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#### Learning Objectives

Students will be able to use their knowledge of place value to add and subtract decimals.

#### Introduction

*(5 minutes)*

- Explain to students that they will put their knowledge of adding and subtracting decimals to use with this game.
- Ask students what the most important rule is when adding or subtracting decimals.
*Answer: lining up the decimal point.* - Write the problem
**2.21 + 0.54**on the board as a review. Have students help you solve the problem step-by-step.

**Beginning:**

- Allow students to use their home language (L1) or new language (L2) in their discussions.
- Provide visuals, such as a place vaue chart with decimal places, and visuals for new vocabulary (e.g., decimals, hundreths, tenths, fractions, etc.) to help them understand the decimal review.

**Intermediate:**

- Write the academic language they can use throughout the lesson on the board as you introduce the language in the lesson (i.e., write sentence frames or new vocabulary).

#### Explicit Instruction/Teacher modeling

*(10 minutes)*

- Tell students the goal of the game is to create an addition expression whose sum is as close to 1.00 as possible. Explain that students will be broken up into groups of 4.
- Each group of students will receive a deck of cards. An ace will stand for the number 1, and 10 will stand for the number 0. Face cards are considered "wild cards" and can be used to represent any number of the student's choosing.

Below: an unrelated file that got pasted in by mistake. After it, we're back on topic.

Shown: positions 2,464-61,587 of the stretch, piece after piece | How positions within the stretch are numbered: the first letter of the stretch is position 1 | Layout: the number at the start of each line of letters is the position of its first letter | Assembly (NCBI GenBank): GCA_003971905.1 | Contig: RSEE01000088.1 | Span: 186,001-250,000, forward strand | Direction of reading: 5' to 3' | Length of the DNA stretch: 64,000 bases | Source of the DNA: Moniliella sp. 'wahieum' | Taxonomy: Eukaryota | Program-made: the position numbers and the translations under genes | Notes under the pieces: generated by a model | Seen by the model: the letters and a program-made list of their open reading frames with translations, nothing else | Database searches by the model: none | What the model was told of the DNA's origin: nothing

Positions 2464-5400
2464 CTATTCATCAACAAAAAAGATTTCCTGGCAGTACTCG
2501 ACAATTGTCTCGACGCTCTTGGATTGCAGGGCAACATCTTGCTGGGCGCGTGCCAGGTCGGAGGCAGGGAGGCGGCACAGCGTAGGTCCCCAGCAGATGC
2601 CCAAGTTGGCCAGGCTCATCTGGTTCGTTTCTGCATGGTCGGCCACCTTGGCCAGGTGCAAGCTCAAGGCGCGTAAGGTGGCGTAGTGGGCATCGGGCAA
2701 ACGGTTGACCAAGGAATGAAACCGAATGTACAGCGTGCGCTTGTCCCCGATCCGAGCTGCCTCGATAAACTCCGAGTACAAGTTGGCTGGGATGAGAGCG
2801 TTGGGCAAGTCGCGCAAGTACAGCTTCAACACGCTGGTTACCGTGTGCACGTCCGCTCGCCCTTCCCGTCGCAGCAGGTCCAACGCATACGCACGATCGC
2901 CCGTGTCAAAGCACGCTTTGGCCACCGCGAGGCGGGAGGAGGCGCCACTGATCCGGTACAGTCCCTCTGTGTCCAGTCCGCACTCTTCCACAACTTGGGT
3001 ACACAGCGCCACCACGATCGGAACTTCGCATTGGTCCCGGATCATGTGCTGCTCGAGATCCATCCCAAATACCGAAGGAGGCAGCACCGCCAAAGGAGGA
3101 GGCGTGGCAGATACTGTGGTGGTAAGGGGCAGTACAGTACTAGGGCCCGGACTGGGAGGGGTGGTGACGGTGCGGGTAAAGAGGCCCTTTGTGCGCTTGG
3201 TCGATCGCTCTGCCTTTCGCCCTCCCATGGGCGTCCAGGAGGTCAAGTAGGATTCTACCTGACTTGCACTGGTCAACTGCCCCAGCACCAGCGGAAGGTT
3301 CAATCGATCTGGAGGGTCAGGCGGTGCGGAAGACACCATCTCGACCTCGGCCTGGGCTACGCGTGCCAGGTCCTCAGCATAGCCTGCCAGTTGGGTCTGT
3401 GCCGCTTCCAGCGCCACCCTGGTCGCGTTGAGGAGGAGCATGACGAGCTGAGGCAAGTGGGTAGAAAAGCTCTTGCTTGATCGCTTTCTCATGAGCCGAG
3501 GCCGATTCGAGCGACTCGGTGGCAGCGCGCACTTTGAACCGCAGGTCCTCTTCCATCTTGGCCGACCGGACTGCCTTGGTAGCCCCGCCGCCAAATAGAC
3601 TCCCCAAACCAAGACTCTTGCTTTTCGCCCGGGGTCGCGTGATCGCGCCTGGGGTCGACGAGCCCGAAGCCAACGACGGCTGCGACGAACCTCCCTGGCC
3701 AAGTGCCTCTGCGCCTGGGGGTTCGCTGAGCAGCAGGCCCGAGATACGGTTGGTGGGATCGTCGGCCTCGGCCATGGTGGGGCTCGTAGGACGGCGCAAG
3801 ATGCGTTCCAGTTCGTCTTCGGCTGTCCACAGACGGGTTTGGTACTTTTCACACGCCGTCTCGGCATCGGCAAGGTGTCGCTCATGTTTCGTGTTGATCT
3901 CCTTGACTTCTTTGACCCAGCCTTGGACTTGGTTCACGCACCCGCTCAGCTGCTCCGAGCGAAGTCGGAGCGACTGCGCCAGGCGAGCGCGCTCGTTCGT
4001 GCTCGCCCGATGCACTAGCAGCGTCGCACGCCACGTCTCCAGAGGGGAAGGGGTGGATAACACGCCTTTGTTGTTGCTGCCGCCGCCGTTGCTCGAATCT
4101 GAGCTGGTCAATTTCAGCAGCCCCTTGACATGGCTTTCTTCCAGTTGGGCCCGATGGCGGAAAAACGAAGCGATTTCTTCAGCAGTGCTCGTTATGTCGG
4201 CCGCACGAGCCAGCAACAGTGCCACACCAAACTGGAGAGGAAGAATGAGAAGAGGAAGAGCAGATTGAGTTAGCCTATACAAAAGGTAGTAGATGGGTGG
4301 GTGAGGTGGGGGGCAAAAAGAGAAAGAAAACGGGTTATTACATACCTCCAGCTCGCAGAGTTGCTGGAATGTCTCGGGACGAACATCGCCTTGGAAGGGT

- At the start of the round, each student will draw four cards. Their goal is to construct two decimals that, when added together, are as close to a whole, or the number one, as possible. The sum can be greater than, equal to, or less than one. Students will use the cards to determine which digits will go in the tenths and hundredths place of each decimal.
- Give students an example. Have a 10, 2, 6, and 7 set aside. Draw these four cards and think aloud as you decide how to arrange the cards. For example,
*I know*Try several different combinations before showing students that the best answer is**6 + 7**is 13, which is much greater than 10, and because ten tenths = one whole, I don't want to put those two in the tenths place. I know**7 + 2**is 9 which is pretty close to 10, so I will try putting those in the tenths place.**0.76 + 0.20 = 0.96**. Make sure to show students how to subtract**1.00 â€“ 0.96**to show exactly how close the sum is to one.

**Beginning:**

- Give students vocabulary cards and allow them to draw visuals for the new terms (e.g., decimals, hundredths, tenths, fractions, etc.). Provide reference materials in their L1 to look up new terms.

**Intermediate:**

- Provide vocabulary cards for the key terms and ask students to rephrase the definitions as they learn them.
- Have ELs restate the think-aloud on how to choose the place value for numbers so the sum is close to 1.00.

#### Guided Practice

*(10 minutes)*

- Have three student volunteers come up to play a practice round with you for the rest of the class to see.
- Students should write their decimal addition equations on the board and solve them for the class to see. Students should then show how they subtracted 1.00 from their sum (if the sum was greater than one) or how they subtracted their sum from 1.00 (if the sum was less than one). Remind students that the person with the smallest difference is the one who wins.
- Make sure that at least one student (or you) receives a wild card to demonstrate how to replace the wild card with any numeral.

**Beginning:**